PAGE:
The government is set to unveil the full extent of the UK’s proposed quarantine measures, which are expected to include spot checks and fines of up to £1,000 for any arrivals who fail to comply with a new 14-day self-isolation requirement.
Home secretary Priti Patel will set out the proposals, first announced by prime minister Boris Johnson on 10 May, during the government’s daily coronavirus briefing at 5pm on Friday (22 May). It is understood the measures will come into force early next month.
According to the BBC, arrivals will be asked to fill in a form with their contact details as part of the government’s efforts to guard against a second wave of coronavirus in the UK.
Arrivals from the Common Travel Area, which includes all four UK nations, Ireland, the Isle of Man and the Channel Islands, will be exempt from the quarantine measures.
Those arriving from France will not be exempt, contrary to the government’s initial quarantine plan – which included a mutual exemption for people travelling between the two nations.
Transport secretary Grant Shapps earlier this week touted an "air bridge" regime, allowing those travelling to the UK from countries with lower rates of coronavirus infection to forego any quarantine requirements.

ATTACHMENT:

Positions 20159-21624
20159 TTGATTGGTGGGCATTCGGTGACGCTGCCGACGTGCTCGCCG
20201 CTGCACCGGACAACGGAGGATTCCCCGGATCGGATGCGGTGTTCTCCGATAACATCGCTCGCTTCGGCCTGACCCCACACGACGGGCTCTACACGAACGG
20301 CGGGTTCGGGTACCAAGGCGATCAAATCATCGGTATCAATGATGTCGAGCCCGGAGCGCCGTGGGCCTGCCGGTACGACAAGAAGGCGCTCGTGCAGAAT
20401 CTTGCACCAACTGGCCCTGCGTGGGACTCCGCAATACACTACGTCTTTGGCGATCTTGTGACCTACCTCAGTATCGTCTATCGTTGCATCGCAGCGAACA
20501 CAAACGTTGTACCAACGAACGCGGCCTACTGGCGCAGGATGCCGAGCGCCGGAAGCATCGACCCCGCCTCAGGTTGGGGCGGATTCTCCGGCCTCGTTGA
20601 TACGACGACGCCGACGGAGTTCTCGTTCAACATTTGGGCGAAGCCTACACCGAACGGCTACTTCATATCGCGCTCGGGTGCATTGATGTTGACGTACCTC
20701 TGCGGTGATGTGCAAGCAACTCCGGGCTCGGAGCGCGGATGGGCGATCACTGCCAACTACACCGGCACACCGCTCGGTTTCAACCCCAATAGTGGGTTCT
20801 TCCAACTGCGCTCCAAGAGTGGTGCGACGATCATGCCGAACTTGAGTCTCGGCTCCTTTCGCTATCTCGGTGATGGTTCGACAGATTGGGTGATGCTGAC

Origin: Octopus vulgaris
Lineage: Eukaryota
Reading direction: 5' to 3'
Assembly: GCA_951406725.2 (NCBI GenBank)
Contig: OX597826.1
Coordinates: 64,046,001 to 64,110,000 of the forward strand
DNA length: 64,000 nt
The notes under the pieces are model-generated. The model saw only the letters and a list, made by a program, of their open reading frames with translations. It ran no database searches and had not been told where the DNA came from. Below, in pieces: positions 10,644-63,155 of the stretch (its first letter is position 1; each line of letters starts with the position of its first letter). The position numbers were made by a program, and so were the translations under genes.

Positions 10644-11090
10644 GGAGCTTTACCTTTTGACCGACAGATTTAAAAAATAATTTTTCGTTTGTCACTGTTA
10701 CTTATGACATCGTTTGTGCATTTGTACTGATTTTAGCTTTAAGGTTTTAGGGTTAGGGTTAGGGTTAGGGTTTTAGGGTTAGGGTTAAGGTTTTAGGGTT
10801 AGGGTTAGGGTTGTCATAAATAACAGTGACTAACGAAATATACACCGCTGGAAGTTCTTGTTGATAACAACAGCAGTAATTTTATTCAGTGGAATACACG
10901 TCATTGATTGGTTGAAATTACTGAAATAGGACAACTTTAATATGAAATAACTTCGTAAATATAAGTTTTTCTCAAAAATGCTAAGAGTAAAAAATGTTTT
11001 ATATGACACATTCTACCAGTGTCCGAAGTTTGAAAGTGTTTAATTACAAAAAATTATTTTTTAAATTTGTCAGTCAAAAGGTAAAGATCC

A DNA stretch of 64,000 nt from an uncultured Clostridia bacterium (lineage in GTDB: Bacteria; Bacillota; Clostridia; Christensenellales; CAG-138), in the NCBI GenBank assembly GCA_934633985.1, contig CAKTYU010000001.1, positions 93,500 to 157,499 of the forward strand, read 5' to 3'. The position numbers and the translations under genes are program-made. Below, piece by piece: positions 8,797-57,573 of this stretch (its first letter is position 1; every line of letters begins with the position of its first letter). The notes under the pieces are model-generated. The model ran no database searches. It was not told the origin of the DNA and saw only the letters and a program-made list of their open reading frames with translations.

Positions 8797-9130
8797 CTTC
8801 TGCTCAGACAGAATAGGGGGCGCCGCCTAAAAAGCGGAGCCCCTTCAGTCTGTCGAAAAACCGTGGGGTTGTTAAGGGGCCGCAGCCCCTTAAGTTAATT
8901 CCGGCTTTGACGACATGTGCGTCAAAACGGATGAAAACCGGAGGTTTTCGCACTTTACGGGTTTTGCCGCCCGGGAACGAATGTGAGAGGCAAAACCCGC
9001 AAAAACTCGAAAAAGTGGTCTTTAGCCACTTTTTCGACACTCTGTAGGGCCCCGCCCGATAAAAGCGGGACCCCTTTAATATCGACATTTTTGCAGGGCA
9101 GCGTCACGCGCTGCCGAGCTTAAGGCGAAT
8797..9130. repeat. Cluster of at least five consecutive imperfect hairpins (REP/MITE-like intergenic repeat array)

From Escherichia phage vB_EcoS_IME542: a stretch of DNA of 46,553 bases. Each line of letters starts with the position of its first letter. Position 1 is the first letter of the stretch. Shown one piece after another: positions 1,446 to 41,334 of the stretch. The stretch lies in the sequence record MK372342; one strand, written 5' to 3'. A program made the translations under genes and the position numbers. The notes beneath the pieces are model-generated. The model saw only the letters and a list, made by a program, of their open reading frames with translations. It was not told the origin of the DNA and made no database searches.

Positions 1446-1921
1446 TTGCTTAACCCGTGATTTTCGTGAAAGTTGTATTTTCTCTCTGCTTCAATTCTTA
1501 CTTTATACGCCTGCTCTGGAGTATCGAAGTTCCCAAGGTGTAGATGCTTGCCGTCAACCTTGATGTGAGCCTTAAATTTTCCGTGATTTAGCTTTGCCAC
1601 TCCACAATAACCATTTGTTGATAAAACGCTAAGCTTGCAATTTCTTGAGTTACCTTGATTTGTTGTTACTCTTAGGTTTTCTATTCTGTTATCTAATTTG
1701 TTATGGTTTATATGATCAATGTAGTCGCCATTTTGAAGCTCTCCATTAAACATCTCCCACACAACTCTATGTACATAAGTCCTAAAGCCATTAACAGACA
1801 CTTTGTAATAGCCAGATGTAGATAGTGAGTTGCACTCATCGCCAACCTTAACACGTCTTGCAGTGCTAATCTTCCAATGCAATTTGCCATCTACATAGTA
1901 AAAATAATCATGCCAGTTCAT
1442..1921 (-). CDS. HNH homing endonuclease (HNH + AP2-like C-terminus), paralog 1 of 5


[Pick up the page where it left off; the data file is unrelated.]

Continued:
However, a spokesperson for the prime minister confirmed air bridges were an option under consideration, "but were not agreed government policy". The concept is not expected to form part of the government’s initial quarantine announcement.
Northern Ireland secretary Brandon Lewis told Sky News on Friday (22 May) there were "no plans" for air bridges at the moment.
The UK’s quarantine measures will be reviewed on a three-week basis. They will apply to anyone arriving in the UK by air, sea or rail, who will be required to provide an address where they will serve their self-isolation. The government will otherwise arrange accommodation.
Airlines have been highly critical of quarantine measures across Europe, with Ryanair boss Michael O’Leary branding them "unimplementable".
Carriers are in favour of more stringent health measures, such as pre-flight temperature checks, social distancing, increased sanitation and contact tracing, rather than quarantines.